Photo: Dr. Noel Richardson and students Alexis Lane, Marina Beltran and Teagan Laws prepare for flight aboard NASA’s flying observatory. (Photo: Embry-Riddle)
Students from Embry-Riddle Aeronautical University recently had the rare opportunity to travel aboard the world’s largest flying observatory, NASA’s Stratospheric Observatory for Infrared Astronomy (SOFIA). They conducted hands-on research, glimpsed the aurora borealis and got front-row seats to their dream careers.
“There’s nothing better than the thrill of trying to unlock the secrets of the universe,” said incoming senior Marina Beltran, who’s majoring in Astronomy and minoring in Mathematics and Meteorology.
Beltran was one of three Prescott Campus students who flew aboard SOFIA along with Dr. Noel Richardson, assistant professor of Physics and Astronomy, to study unusual dust-forming objects called Wolf-Rayet binary systems. The group joined a team of scientists to fly north over British Columbia to observe and map water on the moon.
Generally, Richardson relies on scientists at SOFIA and other observatories to provide measurements, which he and his students then analyze to better understand how stars and planets first developed. He recently received two grants from SOFIA totaling $67,000 that helped fund student research and the unique experience of flying on two 10-hour flights aboard SOFIA, currently based in Palmdale, California.
“SOFIA houses a large reflecting telescope in a modified 747 special performance plane that can fly up to almost 45,000 feet of elevation,” Richardson said. “By going so high up into the stratosphere, you are above the water vapor in our own atmosphere, which blocks infrared light from reaching the ground. So, the telescope aboard SOFIA can capture and analyze infrared light better than anything we have on the ground.”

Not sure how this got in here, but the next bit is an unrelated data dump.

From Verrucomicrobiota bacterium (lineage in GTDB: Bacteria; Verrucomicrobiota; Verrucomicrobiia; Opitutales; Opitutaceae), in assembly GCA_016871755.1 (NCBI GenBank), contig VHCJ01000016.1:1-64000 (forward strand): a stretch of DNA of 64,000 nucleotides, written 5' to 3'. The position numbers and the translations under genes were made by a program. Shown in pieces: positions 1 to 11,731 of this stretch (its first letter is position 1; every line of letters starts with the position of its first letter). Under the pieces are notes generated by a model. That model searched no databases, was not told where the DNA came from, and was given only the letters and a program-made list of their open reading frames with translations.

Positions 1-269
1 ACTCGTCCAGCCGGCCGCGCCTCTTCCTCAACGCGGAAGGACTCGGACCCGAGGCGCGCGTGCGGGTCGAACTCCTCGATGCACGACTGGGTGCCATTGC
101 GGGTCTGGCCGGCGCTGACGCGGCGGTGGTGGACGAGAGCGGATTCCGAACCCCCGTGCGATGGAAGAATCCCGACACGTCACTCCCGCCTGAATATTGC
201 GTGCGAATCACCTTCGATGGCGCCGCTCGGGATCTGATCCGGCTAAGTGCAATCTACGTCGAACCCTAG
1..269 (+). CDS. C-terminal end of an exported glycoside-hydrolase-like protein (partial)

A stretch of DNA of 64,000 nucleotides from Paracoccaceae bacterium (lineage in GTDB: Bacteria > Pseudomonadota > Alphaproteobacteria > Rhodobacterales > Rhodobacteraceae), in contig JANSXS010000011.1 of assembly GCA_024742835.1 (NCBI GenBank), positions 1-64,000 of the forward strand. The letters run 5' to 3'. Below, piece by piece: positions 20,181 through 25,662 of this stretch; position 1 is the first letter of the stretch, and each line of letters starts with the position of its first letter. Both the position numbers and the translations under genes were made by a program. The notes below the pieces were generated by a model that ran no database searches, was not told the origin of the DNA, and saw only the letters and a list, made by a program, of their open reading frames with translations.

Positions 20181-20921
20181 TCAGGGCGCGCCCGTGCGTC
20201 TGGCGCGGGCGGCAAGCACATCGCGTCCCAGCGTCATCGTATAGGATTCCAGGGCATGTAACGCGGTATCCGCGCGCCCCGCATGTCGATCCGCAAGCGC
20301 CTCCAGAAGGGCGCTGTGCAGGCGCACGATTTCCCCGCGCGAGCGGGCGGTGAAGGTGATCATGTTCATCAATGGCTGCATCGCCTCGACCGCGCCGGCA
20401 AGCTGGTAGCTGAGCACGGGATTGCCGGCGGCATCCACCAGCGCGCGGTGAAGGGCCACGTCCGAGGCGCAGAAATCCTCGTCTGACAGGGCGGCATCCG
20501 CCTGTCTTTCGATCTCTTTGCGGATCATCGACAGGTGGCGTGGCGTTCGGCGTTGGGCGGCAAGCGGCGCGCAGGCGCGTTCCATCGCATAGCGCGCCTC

Richardson’s infrared observations are being used to study the origins and properties of the universe’s first specks of dust, which could have helped form planets and stars.
Richardson said, “Being on a 747 with only 13 people on board, including the pilots, was so different than any commercial airline flight I’ve ever been on … It’s very much a flying laboratory.”
Additionally, he noted, SOFIA does not fly in straight lines like normal aircraft.
“The flight pattern is constantly curving in different ways,” he said. “We got to meet scientists who were searching for places where water might be located on the moon. They were observing the moon for a long chunk of the flight, and that took us far north over the northern part of British Columbia in Canada, where we saw the auroras going on outside the window.”
The students also got the opportunity to interact with the scientists, who offered career advice along the way.
“Being able to talk to experts in a position I have been thinking about pursuing was the most memorable,” said Beltran, a Renton, Washington, native. “I was able to have multiple conversations with the scientists on board and ask them about how the telescope works, different aspects of the data and what it means and, most importantly, how they got to be on SOFIA … Everyone was so open, approachable and wanted to share their experience and teach us. I think the excitement of getting to talk to them and seeing what they were doing was how I stayed up all 10 hours on both trips.”
The awe-inspiring sights didn’t hurt, either.
“We got to see the northern lights, and we also got to see big thunderstorms from above,” she added. “On the first takeoff and last landing, I even got to be in the cockpit with the pilots and ask them questions. For the landing, I got to see four planets at sunrise. It was beautiful.”
Beltran is currently working on discovering the internal driving mechanism of Luminous Blue Variable Stars with Richardson and another student. After completing the SOFIA flights, the Embry-Riddle team visited the nearby Mount Wilson, California, observatory and got a tour of the telescope that Edwin Hubble used to discover the expanding universe in the early 1900s.
Richardson said, “One of the most useful things is when you can visit a telescope or observatory, you understand so much more about the intricacies of the details in your data. When you’re trying to look at very faint things that are very far away and extract as much as you can, it tells you a little bit more about what you can or can’t do. So, for me, it was really inspirational.”
Other fellow Eagles who participated in the trip include alumna Alexis Lane (’22) and junior Teagan Laws. Junior Megan Peatt and alumna Andrea Daly (’22) also assisted with data analysis, although they were not able to go on the flight.
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